Maryland delegate proposes law to outlaw “revenge porn”

Maryland delegate proposes law to outlaw “revenge porn”

It’s a common criticism of American law that our criminal statutes
are unable to keep up with the changing times. The Internet revolution,
in particular, has presented a number of new legal issues that lawmakers
often have difficulty sorting out. When new laws are created, lawmakers
must take the time to ensure they are fair, just and enforceable.

One new law that is currently under consideration is a statute that would
criminalize so-called “revenge porn.” Revenge pornography
is the practice of posting an ex-lover’s nude photos onto the Internet
following a breakup. It’s a practice that has become more widespread
in recent years, and a number of websites have already been shut down
and subjected to penalties for facilitating the practice.

Maryland already has laws that prevent
Internet crimes, but some say these laws are not sufficient to punish and deter revenge
pornography. One Maryland delegate is seeking to rectify this by introducing
a new bill that would make the posting of revenge pornography a felony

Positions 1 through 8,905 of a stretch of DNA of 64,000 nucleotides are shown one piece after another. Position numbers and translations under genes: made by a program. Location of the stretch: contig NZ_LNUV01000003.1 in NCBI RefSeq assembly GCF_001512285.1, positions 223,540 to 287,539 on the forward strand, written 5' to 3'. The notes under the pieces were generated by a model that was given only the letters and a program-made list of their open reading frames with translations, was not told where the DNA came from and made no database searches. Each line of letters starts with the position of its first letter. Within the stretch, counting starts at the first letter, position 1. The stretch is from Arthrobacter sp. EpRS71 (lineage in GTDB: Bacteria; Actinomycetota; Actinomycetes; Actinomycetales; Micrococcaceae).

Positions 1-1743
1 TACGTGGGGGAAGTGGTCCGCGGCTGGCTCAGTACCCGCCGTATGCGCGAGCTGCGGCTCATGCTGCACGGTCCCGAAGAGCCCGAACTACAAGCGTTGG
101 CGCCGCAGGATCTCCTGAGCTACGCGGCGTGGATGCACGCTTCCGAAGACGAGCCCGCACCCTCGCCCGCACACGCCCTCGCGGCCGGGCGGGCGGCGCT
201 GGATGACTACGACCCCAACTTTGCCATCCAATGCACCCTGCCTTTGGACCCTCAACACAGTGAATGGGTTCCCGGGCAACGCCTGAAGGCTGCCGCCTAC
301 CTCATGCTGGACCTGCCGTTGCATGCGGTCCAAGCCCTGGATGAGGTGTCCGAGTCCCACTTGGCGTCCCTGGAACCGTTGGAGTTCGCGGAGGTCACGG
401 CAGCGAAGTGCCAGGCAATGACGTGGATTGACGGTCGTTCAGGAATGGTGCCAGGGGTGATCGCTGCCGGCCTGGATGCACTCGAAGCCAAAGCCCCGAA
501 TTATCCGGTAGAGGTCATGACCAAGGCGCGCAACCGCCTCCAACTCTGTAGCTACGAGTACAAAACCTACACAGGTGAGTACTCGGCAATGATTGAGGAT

offense. Under the new law, people convicted would be subject to a $25,000
fine and a possible 5-year prison sentence.

Currently, only California and New Jersey have passed laws that specifically
address the posting of revenge pornography. Proposals in other states
have been derailed by groups such as the American Civil Liberties Union,
who feared that a poorly written law could violate the First Amendment
rights of people who write about or link to revenge pornography sites.

If passed, the Maryland bill would create some of the strictest penalties
in the nation for the posting of revenge pornography. Few details have
been revealed about the wording of the bill itself; more information will
likely be available when the bill is formally unveiled next week.

Source: The Baltimore Sun, “Cardin proposes criminalizing ‘revenge porn’” Erin Cox, Oct. 28, 2013